In line with the upcoming Senatorial election, we decided to give you a short preview of the controversial automated tool that will be used to count our vote –the Precinct Count Optical Scan machine or commonly known as PCOS machine.
The first time that our country embarked on an electronic automated election was during the ARMM general election in 2008. This served as a dry-run for the then upcoming Presidential election which took place two years after.
In the first automated election, the Commission of Election used two different machines to count votes; Smartmatic-Sahi DRE (Direct Recording Electronic) voting machine and AITI’s (AVANTE International Technology, Inc.) Optical Mark Reader. The former uses a touchscreen display which allows voters to just press an area of the screen to cast their vote and is designed to cater to PWDs and illiterate voters.
AITI’s OMR, on the other hand, requires the use of a ballot to which it will read a vote from. This is similar to Smartmatic’s PCOS machine which was used during the 2010 Presidential election.
Setting up the PCOS machine
In the most basic sense, a PCOS machine works similarly to a machine used in local sweepstakes betting stations. It’ll only read shaded portions of a specially-tailored paper, records the information and then transmit to a server that pools/counts it.
Of course, it’s not as simple as the one used by PCSO (Philippine Charity Sweepstakes Office) for the lottery. Smartmatic’s PCOS machine is equipped with several features that limit the possibility of tainting the integrity of the election result. Let’s start with powering the machine.
Turning on the machine alone requires a three-step verification process which involves inserting a Security Key (as seen in the image above), and typing two different passwords that are given to two different voting officials. If one enters a wrong password or in the event that 1 of the 3 security features of the machine are not setup properly, the machine will not startup. The same process is required if changes have to be done in the machine’s configuration and when turning off the machine.
Preferably, each able voter should be given a blank ballot upon entering the venue. Reason why we said preferably is because a known electoral fraud involves giving a voter a pre-filled ballot. Anyway, let’s just assume that we’re living in a perfect world with 0% of election-related anomalies, shall we?
A voter then needs to shade a blank portion that corresponds to their desired candidate. Once done, the voter needs to insert the ballot in to the machine. The machine then will give a confirmation about the validity of the ballot which will be displayed on the machine’s LCD screen.
If everything goes accordingly, the machine will save the information on two different CF(Compact Flash) cards. The second card will serve as a backup storage in the event that the first one fails. At the end of the polling day, a paper similar to a receipt is then printed out by the PCOS machine’s built-in printer. This will display the total number of ballots in the vault and the results. These information are then counter-checked based on the digits projected on the machines LCD screen.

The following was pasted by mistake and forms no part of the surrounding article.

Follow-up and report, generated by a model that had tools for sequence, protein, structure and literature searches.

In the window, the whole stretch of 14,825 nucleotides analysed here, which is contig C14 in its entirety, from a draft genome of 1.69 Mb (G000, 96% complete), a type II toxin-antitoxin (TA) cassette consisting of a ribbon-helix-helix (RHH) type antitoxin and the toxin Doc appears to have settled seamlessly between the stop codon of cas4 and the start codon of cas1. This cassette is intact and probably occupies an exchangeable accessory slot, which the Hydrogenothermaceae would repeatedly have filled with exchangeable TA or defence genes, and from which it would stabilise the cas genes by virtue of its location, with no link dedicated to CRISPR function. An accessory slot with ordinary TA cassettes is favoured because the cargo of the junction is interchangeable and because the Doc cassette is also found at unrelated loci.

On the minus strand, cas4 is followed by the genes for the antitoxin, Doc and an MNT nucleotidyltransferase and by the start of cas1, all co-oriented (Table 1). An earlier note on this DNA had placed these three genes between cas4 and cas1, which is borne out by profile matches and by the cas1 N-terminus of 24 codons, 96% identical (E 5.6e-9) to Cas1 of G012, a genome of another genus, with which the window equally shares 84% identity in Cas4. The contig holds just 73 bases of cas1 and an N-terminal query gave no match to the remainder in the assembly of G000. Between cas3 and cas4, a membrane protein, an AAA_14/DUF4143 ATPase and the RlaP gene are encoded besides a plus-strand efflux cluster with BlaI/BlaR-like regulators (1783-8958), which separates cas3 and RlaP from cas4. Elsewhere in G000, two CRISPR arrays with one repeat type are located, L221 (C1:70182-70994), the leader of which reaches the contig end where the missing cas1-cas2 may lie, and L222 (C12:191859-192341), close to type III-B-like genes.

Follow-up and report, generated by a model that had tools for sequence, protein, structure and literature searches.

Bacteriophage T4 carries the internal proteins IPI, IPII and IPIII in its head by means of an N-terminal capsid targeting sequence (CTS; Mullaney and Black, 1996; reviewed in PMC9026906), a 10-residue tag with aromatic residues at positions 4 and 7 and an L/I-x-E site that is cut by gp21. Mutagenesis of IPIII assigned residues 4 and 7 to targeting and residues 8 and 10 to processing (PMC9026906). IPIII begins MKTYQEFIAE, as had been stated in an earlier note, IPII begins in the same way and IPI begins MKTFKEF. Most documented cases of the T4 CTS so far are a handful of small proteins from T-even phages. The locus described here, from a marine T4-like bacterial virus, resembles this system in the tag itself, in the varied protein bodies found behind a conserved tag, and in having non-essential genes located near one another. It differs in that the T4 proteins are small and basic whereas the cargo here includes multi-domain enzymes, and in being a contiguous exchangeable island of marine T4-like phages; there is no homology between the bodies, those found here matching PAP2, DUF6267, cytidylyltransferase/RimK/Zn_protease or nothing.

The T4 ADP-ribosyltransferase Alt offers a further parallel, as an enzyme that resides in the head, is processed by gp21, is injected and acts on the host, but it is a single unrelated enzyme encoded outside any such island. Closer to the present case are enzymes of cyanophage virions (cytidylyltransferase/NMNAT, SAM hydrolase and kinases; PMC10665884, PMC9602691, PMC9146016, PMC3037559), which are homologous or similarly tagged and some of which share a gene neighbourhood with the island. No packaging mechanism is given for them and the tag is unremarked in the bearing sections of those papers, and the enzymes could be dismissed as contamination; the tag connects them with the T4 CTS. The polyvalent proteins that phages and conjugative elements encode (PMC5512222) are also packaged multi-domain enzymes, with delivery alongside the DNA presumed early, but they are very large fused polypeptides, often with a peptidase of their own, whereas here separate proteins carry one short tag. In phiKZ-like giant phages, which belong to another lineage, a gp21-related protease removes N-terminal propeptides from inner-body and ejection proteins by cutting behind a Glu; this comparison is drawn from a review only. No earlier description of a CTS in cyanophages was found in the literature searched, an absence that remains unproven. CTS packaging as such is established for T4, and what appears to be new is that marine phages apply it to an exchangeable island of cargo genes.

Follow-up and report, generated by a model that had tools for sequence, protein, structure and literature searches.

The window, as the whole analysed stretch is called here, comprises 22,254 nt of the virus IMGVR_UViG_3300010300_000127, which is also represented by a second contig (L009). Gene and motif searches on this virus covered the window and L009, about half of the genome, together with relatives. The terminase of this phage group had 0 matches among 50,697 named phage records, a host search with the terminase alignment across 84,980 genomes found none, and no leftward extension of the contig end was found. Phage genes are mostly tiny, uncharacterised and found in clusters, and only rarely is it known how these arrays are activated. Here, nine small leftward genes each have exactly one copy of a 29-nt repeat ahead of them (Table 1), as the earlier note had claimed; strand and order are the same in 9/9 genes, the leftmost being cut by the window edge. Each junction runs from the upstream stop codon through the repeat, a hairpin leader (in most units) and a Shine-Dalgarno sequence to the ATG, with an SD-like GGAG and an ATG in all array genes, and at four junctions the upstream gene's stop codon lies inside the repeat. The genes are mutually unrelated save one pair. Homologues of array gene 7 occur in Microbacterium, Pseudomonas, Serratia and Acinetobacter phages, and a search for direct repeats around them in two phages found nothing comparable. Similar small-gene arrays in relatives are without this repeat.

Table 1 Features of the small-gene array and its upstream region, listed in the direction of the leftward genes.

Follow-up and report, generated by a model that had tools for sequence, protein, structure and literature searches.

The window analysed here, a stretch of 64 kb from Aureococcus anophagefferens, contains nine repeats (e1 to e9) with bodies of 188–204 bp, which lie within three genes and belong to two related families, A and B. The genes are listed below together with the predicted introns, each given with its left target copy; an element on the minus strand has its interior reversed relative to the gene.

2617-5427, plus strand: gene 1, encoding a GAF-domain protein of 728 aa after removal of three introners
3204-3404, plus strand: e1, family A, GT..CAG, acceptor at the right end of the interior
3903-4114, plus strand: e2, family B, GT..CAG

Validation and Transmission
Once the information validated, the voting official will then initiate the transmission of the data stored in the CF cards. It will be transmitted to three different servers; to an accredited political party, to the media and to COMELEC.
The transmission can be done in two way; Wired and Wirelessly. In urban areas where network signals are abundant, the information are transmitted through the use of provisioned SIM card which is similar to sending SMS.
On the other hand, in rural areas where signal is weak, the data is passed on to a device called BGAN or Broadband Global Area Network through a LAN connection between the PCOS machine and BGAN. The good thing about the BGAN device is that it doesn’t rely on a telco’s cell site to transmit the data to the three servers. Instead, it utilizes stationery satellites that are capable of transmitting information from anywhere in the world.
In the past, it will take 2-3 months before the voting result is finalized, but through the help of this PCOS machines, the turnaround time is reduced down to two to three days.
Because of the magnitude and complexity of a national election, the manufacturer includes additional feature to the machine that lessens the possibility of an electoral fraud. Below are some of the additional features of the PCOS machines:
• PCOS machines are equipped with a battery that is rated to last for 12-16 hours. This acts as preventive measure in the event of a power outage in the election day.
• On top of the battery, COMELEC also provides power generator to keep the machine running in case the built-in battery is drained.
• The CF cards used in a PCOS machine are sealed.
• Data stored in the CF cards has a 256-bit encryption.
• If the two stated mode of transmission failed, a certified PCOS technician can personally bring the CF cards to the municipal servers.
While we don’t share COMELEC’s confidence with the PCOS machines (esp. after seeing numerous failed mock elections), we have to admit that the department has exerted a commendable amount of effort to ensure that the machines will function as it should.
In my opinion, we cannot totally eliminate the flaws from the machine, after all there will still be human intervention involve in operating it. My main concern in the upcoming election has actually little to do with the machine, but with the mindset that the voters have in keeping the sanctity of their votes.
At the end of the day, if there are still voters who would whole-heartedly sell their votes to crappy politicians, a PCOS machine in tip-top shape won’t do us and our country any good.